“What must I do to always be happy?” asked the man.
“Why do you wish to always be happy?” asked the sage.
“So that I will never again be sad” said the man.
“Why do you wish to never again be sad?” asked the sage.
“Because sadness causes me great pain” said the man.
“Why do you wish to avoid pain?” asked the sage.
“Pain reminds me that I really am all alone – always. And I never again want to be alone” said the man.
“But if you are never alone, how do you know where the other ends and you truly begin?” asked the sage.
“Well, I believe that I have a life force, a soul if you will, separate and apart from everyone else” said the man.
“And does this belief of yours also make you sad or cause you pain?” asked the sage.
“In a way, yes” said the man.
“In what way does it also make you sad or cause you pain?” asked the sage.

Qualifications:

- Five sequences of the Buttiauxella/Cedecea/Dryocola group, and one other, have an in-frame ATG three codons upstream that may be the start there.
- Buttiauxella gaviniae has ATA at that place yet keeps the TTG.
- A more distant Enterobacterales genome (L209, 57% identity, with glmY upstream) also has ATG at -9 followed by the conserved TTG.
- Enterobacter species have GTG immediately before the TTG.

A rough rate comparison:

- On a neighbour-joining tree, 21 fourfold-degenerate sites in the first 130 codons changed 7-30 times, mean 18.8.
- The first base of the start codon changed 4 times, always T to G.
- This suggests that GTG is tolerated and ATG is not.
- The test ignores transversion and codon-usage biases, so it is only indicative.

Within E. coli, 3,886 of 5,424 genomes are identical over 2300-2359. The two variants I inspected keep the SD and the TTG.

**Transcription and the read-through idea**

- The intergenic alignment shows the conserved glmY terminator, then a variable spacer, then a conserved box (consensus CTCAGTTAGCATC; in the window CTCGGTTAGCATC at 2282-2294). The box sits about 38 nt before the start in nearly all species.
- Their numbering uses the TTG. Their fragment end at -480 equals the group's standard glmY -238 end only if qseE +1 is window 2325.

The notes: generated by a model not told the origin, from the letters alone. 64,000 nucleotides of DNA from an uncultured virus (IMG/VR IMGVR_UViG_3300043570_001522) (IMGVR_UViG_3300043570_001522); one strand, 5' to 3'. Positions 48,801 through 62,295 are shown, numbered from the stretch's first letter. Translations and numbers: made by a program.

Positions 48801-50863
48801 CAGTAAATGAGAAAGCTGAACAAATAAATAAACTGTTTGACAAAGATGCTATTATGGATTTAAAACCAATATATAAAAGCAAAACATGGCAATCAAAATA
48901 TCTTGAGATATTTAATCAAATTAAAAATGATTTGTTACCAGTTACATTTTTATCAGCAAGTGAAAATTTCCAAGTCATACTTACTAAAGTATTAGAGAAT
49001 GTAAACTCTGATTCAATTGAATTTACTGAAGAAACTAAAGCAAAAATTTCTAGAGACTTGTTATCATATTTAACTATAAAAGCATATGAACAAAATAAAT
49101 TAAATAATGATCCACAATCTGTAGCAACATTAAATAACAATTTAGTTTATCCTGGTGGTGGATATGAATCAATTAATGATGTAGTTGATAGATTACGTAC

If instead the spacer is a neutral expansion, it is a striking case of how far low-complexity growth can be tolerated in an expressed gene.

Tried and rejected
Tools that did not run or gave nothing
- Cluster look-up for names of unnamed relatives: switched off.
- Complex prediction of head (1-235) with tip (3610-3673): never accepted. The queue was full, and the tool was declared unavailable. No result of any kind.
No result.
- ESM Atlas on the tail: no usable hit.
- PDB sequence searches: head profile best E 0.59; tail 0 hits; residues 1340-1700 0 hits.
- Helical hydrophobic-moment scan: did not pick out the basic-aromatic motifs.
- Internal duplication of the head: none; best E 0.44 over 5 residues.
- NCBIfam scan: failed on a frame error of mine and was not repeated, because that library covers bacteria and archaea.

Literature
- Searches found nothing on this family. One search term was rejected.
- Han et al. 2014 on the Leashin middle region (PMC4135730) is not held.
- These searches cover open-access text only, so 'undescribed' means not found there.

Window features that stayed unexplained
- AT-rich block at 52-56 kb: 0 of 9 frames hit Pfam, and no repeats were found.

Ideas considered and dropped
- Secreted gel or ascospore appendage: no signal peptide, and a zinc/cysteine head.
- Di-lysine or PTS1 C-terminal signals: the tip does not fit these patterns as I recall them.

“It means that I am wholly responsible for my own well being, for my own life force, for my own happiness – and that’s a frightening responsibility!” said the man.
“Do you therefore believe that you must knowingly choose or fail to choose the path to be, to do, or to have those very things of which you speak, even as the tides rise up against you?” asked the sage.
“Yes, of course. But shouldn’t that be obvious?” asked the man.
“It is as you say” observed the sage.
Happiness consists in finding out precisely what the “one thing necessary” may be, in our lives, and in gladly relinquishing all the rest. For then, by a divine paradox, we find that everything else is given us together with the one thing we needed – Thomas Merton
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